Of course, the type of foundation you ultimately choose will influence the price more than any other feature. The most expensive foundations are basement builds—especially if you want a finished basement—while the least costly is a concrete slab.
A crawlspace foundation would be mid-range, though you might find pre-made concrete slab solutions that are around the same cost.
The deeper your contractor must dig, the more expensive the foundation project will be. But in many climates, you will need to have a deep foundation—below the frost line—to protect your home and its structural integrity.
Pricing also depends on materials costs, extra features, and transportation costs.
For example, installing radiant heating in the floor, which can save on heating and burst pipe costs, adds a significant bump to the bottom line. If you need additional waterproofing or sealant due to climate or site drainage issues, those can also add up.
Requirements Of A Good Foundation
The design and the construction of a well-performing foundation must possess some basic requirements:
Foundations are designed to have an adequate load capacity depending on the type of subsoil/rock supporting the foundation by a geotechnical engineer, and the footing itself may be designed structurally by a structural engineer. The primary design concerns are settlement and bearing capacity. When considering settlement, total settlement and differential settlement is normally considered. Differential settlement is when one part of a foundation settles more than another part. This can cause problems to the structure which the foundation is supporting. Expansive clay soils can also cause problems.
The design and the construction of the foundation is done such that it can sustain as well as transmit the dead and the imposed loads to the soil. This transfer has to be carried out without resulting in any form of settlement that can result in any form of stability issues for the structure.
Differential settlements can be avoided by having a rigid base for the foundation. These issues are more pronounced in areas where the superimposed loads are not uniform in nature.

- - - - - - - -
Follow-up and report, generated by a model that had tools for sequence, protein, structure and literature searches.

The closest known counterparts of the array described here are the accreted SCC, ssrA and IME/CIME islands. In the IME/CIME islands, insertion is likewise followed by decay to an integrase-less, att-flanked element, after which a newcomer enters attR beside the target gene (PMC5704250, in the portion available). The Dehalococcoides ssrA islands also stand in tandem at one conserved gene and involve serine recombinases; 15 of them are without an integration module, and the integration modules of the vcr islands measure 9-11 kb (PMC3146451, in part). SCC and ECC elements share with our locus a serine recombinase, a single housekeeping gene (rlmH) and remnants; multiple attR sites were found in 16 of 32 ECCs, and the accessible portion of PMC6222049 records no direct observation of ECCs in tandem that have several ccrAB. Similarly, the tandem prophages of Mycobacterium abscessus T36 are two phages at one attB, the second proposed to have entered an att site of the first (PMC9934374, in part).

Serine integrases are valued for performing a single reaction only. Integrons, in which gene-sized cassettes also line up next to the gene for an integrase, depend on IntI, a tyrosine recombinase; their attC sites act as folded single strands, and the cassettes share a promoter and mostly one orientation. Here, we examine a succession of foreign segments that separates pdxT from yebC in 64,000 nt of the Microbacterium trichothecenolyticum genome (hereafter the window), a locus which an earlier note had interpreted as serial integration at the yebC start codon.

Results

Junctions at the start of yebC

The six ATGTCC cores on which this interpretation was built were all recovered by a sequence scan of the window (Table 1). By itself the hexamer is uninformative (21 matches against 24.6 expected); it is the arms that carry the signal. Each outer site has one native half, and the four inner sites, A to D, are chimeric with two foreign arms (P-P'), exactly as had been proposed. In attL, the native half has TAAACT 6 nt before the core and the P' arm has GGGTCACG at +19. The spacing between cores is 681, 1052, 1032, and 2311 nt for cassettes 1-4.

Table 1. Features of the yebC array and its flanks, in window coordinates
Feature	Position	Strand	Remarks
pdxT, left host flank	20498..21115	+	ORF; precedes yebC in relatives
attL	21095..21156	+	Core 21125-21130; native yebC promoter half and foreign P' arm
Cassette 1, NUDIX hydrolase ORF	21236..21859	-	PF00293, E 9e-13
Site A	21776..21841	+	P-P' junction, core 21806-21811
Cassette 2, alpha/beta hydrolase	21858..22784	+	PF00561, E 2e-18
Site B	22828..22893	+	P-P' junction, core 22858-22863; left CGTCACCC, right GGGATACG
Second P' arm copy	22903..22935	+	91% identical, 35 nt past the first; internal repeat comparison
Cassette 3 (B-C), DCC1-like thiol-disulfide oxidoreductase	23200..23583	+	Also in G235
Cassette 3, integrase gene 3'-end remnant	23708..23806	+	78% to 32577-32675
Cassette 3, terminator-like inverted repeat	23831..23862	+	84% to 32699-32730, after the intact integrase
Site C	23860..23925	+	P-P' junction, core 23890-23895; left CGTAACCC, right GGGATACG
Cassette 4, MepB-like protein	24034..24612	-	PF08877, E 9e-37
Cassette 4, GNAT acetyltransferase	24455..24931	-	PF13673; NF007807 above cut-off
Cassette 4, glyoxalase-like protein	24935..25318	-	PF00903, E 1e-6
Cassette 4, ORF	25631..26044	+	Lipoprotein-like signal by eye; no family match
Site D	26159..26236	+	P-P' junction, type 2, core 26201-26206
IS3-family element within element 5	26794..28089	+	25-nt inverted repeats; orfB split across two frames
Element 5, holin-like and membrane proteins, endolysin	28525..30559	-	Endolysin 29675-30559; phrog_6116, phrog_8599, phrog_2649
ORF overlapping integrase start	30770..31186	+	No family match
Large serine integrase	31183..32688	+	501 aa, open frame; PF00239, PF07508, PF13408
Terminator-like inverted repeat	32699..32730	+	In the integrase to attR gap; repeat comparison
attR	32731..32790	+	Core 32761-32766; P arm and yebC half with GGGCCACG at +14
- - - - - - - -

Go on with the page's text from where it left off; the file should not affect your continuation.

Your local climate can also influence what type of foundation is best. Frost, for example, is a significant factor. If you live in an area where the ground frequently freezes and melts, you could see cracks in your home’s monolith slab foundation. In that case, a post and pier foundation might be a better solution.
If you live somewhere with a high risk of tropical storms, a foundation that can withstand flooding is preferable. Again, a post and pier option may work better than a full basement or slab. Then again, in more moderate climates, a monolith slab is often sufficient and a budget-friendly choice.
Based on the soil and area it is recommended to have a deeper foundation so that it can guard any form of damage or distress. These are mainly caused due to the problem of shrinkage and swelling because of temperature changes.
The location of the foundation chosen must be an area that is not affected or influenced by future works or factors.
Water tables: A groundwater table is a boundary between unsaturated and saturated soil. Water tables rise and fall with the seasons, and depending on your lot, they may impact drainage at the building site. Water can even seep out of the ground and affect your foundation.
Soil conditions—such as the type of soil, different layers, and hardness—also influence the type of foundation that’s suitable for your building. More stable ground, for example, means you don’t need as robust a foundation as if the soil is soft. A drilled pier foundation, for example, is ideal for ensuring your home rests on the hard rock rather than in soft surface dirt. The type of backfill you use also influences the stability of your foundation. Most people choose store-bought filler material such as limestone or aggregate to backfill the foundation.
Quite simply, a raised foundation is a house foundation that sits above the ground. This is accomplished by building reinforced pillars that allow the house to sit above the ground. These pillars are often two to three feet off the ground which provides excellent ventilation and also provides protection against flooding. These raised foundations are also beneficial because they provide storage space for owners and prevents the typical warming that flat concrete foundations experience in the summer.